EXCLUSIVE PREMIERE/INTERVIEW: Experience Microtonal Black Metal Bliss with Victory Over the Sun’s Nowherer

Let me tell you, I was stoked when Eden put me in touch with Vivian Tylinska last week. Learning about a new Victory Over the Sun album was exciting enough,

3 years ago

Let me tell you, I was stoked when Eden put me in touch with Vivian Tylinska last week. Learning about a new Victory Over the Sun album was exciting enough, but having the chance to both premiere the album and run an interview with Vivian is just…chef’s kiss.

If you’re unfamiliar with Vivian’s music, I urge you to rectify that immediately. I first discovered Victory Over the Sun with A Tessitura of Transfiguration, an excellent display of avant-garde black metal that felt as reminiscent of Dodecahedron as it did Kayo Dot. With Nowherer, Vivian embraces microtonality in a way that fans of Jute Gyte will appreciate, while also adding unique compositional explorations throughout. This ranges from an intense, direct assault on the title track to an epic, eclectic finale on the 20-minute “Oscines.”

But enough of my blabbering — head below to listen to Nowherer in full and read my conversation with Vivian. We discuss her journey with microtonality and finding her voice as a trans woman, as well as her musical and literary influences.

victoryoverthesun · Nowherer

As someone with limited formal musical training, the influx of microtonal projects across genres over the last several years has also been a bit of a learning exercise for me. I’ve always enjoyed dissonant metal, but microtonal projects like Jute Gyte take it to another level. Why did you decide to embrace microtonality on Nowherer, and what challenges did you encounter along the way? I’m sure refretting a guitar to fit the correct tuning was a labor of love.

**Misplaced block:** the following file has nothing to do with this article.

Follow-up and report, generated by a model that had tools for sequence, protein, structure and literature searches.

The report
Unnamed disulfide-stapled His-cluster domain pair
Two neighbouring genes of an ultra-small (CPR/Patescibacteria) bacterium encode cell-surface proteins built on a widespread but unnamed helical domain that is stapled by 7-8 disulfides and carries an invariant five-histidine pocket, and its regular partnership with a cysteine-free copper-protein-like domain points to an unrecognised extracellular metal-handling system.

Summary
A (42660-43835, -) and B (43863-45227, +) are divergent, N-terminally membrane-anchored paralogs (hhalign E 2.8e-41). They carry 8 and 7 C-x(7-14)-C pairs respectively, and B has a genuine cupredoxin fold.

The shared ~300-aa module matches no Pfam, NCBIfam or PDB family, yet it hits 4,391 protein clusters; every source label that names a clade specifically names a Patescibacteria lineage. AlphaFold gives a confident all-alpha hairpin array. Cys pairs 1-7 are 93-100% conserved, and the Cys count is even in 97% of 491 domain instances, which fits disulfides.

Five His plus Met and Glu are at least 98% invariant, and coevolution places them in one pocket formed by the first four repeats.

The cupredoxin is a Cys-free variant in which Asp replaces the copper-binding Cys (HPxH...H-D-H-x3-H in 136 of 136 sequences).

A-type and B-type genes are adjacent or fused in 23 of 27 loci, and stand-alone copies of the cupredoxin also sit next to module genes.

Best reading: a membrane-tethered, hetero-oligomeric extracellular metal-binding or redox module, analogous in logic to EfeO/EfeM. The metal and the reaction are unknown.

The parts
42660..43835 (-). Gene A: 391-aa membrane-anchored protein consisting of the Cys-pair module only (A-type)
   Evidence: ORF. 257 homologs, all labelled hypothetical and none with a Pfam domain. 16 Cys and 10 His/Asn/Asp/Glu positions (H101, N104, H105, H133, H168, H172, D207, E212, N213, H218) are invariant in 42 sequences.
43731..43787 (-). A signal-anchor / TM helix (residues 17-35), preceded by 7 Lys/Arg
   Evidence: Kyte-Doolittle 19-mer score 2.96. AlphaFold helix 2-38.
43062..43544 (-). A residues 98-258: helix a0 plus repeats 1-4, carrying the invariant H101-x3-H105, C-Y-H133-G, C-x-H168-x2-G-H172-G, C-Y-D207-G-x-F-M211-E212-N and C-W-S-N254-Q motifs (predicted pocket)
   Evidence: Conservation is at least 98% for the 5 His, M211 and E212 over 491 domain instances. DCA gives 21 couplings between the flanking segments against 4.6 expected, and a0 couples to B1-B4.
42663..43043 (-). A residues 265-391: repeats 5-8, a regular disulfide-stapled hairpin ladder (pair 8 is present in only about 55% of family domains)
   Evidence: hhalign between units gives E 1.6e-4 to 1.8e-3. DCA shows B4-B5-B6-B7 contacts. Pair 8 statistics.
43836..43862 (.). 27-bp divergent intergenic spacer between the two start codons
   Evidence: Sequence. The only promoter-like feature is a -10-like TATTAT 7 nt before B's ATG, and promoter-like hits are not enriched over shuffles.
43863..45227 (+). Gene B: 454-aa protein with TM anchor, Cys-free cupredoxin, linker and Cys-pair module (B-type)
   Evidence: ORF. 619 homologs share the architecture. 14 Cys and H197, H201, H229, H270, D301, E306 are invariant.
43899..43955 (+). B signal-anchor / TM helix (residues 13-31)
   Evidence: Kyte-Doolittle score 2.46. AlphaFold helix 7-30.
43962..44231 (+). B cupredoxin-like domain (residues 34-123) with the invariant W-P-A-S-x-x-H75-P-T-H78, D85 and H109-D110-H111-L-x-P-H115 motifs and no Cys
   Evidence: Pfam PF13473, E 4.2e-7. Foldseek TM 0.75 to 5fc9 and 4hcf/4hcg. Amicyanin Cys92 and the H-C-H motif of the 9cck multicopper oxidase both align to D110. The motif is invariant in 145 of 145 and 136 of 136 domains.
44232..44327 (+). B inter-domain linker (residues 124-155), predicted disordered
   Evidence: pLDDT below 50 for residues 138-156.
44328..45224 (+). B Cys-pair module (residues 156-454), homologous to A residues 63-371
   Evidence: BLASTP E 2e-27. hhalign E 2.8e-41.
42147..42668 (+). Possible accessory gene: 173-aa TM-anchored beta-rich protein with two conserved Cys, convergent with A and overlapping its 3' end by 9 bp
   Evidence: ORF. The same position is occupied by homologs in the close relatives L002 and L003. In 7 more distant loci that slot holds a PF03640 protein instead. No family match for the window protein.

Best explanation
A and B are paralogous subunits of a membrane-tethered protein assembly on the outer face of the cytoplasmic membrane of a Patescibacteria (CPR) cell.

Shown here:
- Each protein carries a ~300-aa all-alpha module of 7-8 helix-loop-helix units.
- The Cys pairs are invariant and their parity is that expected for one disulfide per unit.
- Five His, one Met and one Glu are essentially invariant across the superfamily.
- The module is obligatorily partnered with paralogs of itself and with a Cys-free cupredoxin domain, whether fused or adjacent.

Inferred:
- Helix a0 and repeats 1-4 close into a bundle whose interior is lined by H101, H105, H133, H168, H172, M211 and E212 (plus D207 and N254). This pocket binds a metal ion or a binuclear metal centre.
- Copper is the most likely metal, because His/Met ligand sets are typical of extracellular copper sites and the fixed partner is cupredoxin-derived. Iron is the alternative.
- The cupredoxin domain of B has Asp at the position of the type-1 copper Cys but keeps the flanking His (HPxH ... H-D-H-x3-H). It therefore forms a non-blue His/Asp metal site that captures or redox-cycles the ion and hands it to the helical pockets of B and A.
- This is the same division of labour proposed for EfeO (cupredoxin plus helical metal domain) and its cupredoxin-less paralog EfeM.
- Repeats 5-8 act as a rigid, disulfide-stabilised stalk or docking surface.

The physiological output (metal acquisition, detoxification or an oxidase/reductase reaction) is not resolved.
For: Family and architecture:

I got interested in microtonality around 2017, and learned to re-fret guitars myself in 2018 (by tearing out the old frets, filling them in, and cutting slots for new ones) because I didn’t want to shell out a huge amount of money to have a professional do it (and I wasn’t really sure how much I would actually like playing a microtonal guitar). Over the course of the next few years I got progressively better at re-fretting, learned to build fretboards from scratch, and experimented with several tunings (mostly 17EDO, 15EDO, 22EDO, and some just intonation scales). I found composition in microtonal tunings much more challenging than in 12EDO, so I continued writing mostly in 12.

Around the time I released Tessitura, I had been listening to some blackened sludge and death metal and thought the qualities of 17EDO would work nicely with the conventions of those genres. So I decided I would write a short, straightforward EP that I intended to be sort of separate from the sound I had started carving out with the previous VOtS releases.

But as time went on, the songs got longer and more complex and more VOtS-esque! By the time the EP had blossomed into a full album, I decided to attempt building a neck entirely from scratch, since the one I was using had too short of a scale to accommodate the Drop A tuning I was using. That I could not write instrumental parts for clarinet/violin/etc. (to ask a casual instrumentalist to learn to play in microtonal tunings was beyond the scope of the project, I figured) was both a blessing and a curse, making it easier to stick more closely to the genre conventions of metal, though not allowing the instrumental passages that I liked so much in Tessitura.